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Keep Your Website Safe

You can hope, wish, and pray that your website doesn’t get hacked, get a virus or malware. I can do it too, but I would actually recommend the following tips to keep your website secure. Although nothing is guaranteed, these are my best tips to help you.

Back it Up & Keep it Updated

First things first, keep your website up to date. This means your plugins, theme, and the most current version of WordPress. The updates are often security fixes to help stop malicious attacks on your website although sometimes the updates are purely new changes and features. Either way, you should stay updated.

But before updating, back it up – I do want to encourage you to back up your website regularly. If you are not sure how it is super simple and the easiest way is by using ManageWP or another automated service. I set the schedule for my clients for a daily database backup and a weekly full backup. You simply install the plugin then you create your schedule and you are done.

Also, be sure that you have a hosting provider that actually does a backup nightly – one of the reasons, I love and recommend my two favorite hosting companies.

Keep Out the Hackers & Spammers

There are two plugins that I recommend for security and spam blocking – Wordfence and Akismet. Here is a video about it .

And please tell me you are not using the username ‘admin’ for your site. The main username that hackers try to use is ‘admin’ so use a different username. If your website is your name, like mine, then you shouldn’t use your name as the username. The point is trying to think of something unique and challenging to guess.

In addition to having a unique username, please use unique passwords for everything. No, you cannot just change one character and then you’re safe. That’s not too tough to crack. The passwords need to be strong. To get strong passwords without post-its covering your workspace or a dedicated spreadsheet list, you must use a password management system like LastPass or 1Password. This way you can use secure and unique passwords for all of your favorite and not-so favorite websites.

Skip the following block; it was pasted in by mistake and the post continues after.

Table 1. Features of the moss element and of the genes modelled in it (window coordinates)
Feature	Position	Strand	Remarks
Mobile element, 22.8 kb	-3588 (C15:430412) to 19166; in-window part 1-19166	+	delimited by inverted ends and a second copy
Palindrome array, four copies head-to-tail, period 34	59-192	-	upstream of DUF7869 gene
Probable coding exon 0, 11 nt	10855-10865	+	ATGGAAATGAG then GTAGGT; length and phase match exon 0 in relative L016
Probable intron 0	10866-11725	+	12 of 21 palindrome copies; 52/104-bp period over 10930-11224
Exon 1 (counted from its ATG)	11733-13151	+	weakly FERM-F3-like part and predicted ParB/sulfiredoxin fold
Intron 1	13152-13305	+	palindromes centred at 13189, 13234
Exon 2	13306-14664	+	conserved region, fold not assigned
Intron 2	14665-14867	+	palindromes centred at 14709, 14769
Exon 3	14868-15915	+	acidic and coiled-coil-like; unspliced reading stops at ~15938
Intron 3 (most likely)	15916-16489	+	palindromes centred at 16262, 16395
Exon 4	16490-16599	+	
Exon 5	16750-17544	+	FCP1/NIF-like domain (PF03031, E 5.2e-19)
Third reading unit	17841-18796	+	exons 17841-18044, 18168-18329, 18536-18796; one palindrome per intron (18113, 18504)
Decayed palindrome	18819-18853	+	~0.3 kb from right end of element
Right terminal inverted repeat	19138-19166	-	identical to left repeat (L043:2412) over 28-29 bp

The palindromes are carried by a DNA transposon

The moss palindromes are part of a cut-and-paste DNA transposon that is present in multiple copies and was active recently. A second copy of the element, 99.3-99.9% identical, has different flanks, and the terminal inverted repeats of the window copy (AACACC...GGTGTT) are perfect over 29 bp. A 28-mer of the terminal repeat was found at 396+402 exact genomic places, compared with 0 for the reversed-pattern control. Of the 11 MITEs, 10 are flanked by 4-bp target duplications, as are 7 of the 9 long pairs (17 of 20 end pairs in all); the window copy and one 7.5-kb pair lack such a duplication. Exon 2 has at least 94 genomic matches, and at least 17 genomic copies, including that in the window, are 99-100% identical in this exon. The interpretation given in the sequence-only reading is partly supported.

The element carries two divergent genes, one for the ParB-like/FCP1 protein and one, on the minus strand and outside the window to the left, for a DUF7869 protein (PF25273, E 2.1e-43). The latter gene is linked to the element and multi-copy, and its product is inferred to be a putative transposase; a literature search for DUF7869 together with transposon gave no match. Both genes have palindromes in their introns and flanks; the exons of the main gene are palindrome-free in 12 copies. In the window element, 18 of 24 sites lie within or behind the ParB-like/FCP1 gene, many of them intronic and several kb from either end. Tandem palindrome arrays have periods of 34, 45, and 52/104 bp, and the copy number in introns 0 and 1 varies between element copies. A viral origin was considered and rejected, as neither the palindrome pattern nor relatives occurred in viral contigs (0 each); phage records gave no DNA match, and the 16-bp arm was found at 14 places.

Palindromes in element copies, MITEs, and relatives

Hosting & WordPress

If you have ever installed WordPress on a domain and just forgot about it, you should remove that installation. It is probably out of date and opening you up for vulnerability.

Most of us use shared hosting, so make sure you are using a good hosting company. I have used and recommended Green Geeks for for smaller sites.

My favorite hosting company (the one this site lives on) for managed WordPress is WP Engine. When I switched to them my speed increased to less than one second.

Everyone thinks their hosting is okay until they get hacked. If you are unsure about your hosting company or their reputation, ask your favorite web person {raises hand}.

Finally, be sure that any themes you are not using have been uninstalled. These are easy to overlook and need updates regularly as well.

So to summarize, do this: backups, updates, security plugins, anti-spam plugins, remove old installations of WordPress and themes you are not using. Do not do this: use weak passwords, use the same password for every site, use ‘admin’ for your username or use bad hosting.

Most importantly, do not think that you are safe because you don’t get too much traffic.

Be proactive, not reactive and stay ahead of the game.
 
If you don’t want to try to manage this, I offer a maintenance service for a small monthly fee. If you are interested, find more info here.

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